Samantha had her first Cheetos yesterday at Target. She looks good in orange.
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Part 2 of Adam’s series. (His title that says, “part 1 of 2″ indicates that he has split this particular section about the invention itself into 2 parts, but this post is still #2 in the whole series.)
Here is part 1 of Adam’s series at The Volokh Conspiracy.
Adam and I are finally getting back in the habit of working on the house. We did a great job unpacking and making repairs until we went to Florida for Christmas, but then Adam started a new semester, we got sick, and other projects seemed to get in the way. We did a few things, but our momentum was lost.
A couple of weeks ago, we prioritized the list of home improvements we want to make. It’s probably a 10 year plan, and it comprises 71 tasks – things that range from repairing two toilets, to finishing unpacking, to remodeling the entire kitchen.
Having a prioritized list really kick-started our efforts. Last weekend we hung most of our art. Adam has always been a stickler for getting this done quickly after a move, so the fact that it took us 5 months shows you how busy we were this winter. I had forgotten how many nice prints we have, and having them on the walls makes it feel like home.
I’ve managed to continue cleaning the house. I don’t mean the daily chores like cleaning toilets and mopping the floors, but things like scrubbing walls and baseboards with a stiff brush. This house was just filthy and disgusting when we moved in. I’m still finding long, dark hairs stuck to doors and walls. Nobody in our family has long, dark hair. Ewwwww.
I’m just about finished with a project I started in March: cleaning the tile grout on my kitchen floor. I use OxiClean and a scrub brush and it’s quite a workout. I can’t do the whole thing in one go since I have fractured time, so I’ve been doing small sections. I think I’ve done about 15 sections at 1-2 hours apiece. But here is the difference it makes:
I really love owning a home. I love making it better, bit by bit. I love my long list of things to do. Sometimes I get stressed out about all the money it will take to accomplish what we want to do, but then I remember that we don’t have to do all of these things right this instant. Even if we had all the money we needed, it would still take a few years to get it all done. And doing these things is fun. I enjoy it. Holy cow – I actually enjoy the process!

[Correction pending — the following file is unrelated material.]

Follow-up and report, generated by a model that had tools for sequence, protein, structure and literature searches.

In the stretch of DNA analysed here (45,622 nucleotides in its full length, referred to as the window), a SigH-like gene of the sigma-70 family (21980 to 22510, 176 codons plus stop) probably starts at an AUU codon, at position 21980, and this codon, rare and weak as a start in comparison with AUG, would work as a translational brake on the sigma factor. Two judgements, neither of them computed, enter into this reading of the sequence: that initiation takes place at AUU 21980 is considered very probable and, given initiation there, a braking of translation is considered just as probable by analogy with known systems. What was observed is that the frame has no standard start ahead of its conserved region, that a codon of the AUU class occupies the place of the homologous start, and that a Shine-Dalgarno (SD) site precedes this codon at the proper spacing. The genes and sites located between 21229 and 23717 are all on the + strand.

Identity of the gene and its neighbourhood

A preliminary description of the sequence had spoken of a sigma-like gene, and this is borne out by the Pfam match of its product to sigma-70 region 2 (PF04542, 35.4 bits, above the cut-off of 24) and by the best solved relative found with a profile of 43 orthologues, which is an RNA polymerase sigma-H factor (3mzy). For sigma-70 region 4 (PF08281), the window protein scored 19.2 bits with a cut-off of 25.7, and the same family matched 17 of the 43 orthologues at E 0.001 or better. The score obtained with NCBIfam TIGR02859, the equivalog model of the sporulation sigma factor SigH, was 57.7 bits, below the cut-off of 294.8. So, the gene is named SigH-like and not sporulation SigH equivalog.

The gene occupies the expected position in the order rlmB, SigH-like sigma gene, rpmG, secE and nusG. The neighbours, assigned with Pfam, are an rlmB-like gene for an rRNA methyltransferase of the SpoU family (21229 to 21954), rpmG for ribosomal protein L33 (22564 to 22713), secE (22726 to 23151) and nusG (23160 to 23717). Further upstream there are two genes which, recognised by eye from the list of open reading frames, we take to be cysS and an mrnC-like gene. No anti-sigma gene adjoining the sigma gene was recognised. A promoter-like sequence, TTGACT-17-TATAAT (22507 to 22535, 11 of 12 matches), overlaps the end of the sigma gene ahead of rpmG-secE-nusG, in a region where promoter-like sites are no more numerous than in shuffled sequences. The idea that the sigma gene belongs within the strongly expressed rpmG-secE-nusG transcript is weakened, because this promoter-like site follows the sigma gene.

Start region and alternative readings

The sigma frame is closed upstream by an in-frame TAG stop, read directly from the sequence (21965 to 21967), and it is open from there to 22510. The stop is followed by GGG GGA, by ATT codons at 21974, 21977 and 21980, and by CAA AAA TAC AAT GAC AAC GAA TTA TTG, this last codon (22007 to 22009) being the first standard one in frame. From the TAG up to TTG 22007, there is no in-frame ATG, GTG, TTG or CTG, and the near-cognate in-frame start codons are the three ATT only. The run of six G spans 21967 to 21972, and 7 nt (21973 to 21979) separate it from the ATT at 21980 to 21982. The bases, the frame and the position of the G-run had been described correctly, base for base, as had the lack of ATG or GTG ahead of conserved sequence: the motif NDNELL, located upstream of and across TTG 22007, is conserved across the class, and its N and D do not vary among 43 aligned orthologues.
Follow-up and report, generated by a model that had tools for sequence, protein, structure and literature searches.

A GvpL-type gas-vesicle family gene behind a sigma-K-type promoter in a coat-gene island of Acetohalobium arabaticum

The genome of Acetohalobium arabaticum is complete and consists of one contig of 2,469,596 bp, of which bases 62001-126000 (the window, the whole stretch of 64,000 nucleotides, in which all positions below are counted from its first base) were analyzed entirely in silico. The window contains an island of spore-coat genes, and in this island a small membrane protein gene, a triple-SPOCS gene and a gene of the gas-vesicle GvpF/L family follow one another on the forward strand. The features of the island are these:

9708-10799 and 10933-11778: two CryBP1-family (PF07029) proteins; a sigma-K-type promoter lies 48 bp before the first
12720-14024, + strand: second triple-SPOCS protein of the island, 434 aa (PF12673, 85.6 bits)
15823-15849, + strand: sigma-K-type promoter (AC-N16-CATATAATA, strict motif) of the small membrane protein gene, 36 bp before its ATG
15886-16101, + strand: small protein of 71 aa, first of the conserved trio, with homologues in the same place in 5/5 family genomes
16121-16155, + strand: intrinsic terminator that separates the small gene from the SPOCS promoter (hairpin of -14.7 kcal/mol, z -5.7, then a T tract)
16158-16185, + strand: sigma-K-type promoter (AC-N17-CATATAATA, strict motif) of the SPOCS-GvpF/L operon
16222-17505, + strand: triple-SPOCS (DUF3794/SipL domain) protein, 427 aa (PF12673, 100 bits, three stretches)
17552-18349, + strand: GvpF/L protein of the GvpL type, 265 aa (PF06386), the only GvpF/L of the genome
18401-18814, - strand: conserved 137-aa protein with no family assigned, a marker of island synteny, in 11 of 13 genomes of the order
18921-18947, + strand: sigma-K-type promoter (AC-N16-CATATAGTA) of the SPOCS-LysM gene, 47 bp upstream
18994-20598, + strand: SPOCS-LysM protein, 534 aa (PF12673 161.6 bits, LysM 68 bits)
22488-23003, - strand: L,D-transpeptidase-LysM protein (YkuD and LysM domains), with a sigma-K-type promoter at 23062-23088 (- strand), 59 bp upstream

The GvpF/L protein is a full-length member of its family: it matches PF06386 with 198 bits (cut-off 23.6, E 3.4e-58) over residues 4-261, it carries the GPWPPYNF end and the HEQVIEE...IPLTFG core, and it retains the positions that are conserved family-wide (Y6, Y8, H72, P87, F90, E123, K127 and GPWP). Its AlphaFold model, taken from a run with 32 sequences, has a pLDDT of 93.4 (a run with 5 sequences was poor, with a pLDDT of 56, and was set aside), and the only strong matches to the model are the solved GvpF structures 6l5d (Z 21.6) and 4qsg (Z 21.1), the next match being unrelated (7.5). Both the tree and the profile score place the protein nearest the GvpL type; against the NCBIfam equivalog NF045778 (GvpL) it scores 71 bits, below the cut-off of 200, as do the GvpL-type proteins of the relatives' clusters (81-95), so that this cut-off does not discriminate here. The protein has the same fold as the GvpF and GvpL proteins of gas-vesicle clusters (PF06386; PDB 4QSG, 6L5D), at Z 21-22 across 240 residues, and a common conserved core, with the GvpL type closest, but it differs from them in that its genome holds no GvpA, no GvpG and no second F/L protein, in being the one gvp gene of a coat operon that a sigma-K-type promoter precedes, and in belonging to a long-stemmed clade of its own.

I’ve come a long way since last year, when I wrote about my time sickness. Good job, me!
This song, sung to the tune of “Where is Thumbkin,” got Samantha to eat a big plate of vegetables. Making up food songs seems to be a great trick for this particular kid. I wonder if that is universal?
Eat your veggies
Eat your veggies
Finish them all
Finish them all
Chew them and then swallow
Chew them and then swallow
Yum Yum Yum
Yum Yum Yum
My husband, Adam, will be making his blogging debut this week at The Volokh Conspiracy. He’ll be writing about his sewing machine article, so if you were intrigued by my description of it but didn’t have the fortitude to slug through an academic piece, this may be the way to go.
I can’t believe that I beat him to blogging. He taught me what a blog was, back in 2002.
My first pet was a cat named Geddy who was a tabby-Siamese mix. He was orange and white like a tabby, but his short hair, markings and face (and his loud, demanding meow) reflected his Siamese heritage. He was so sweet that we often called him the “orange creamsicle.” Don’t you remember those orange popsicles with the cream inside? We had to put Geddy to sleep almost 3 years ago and I still miss him. He was an irreplaceable value to me.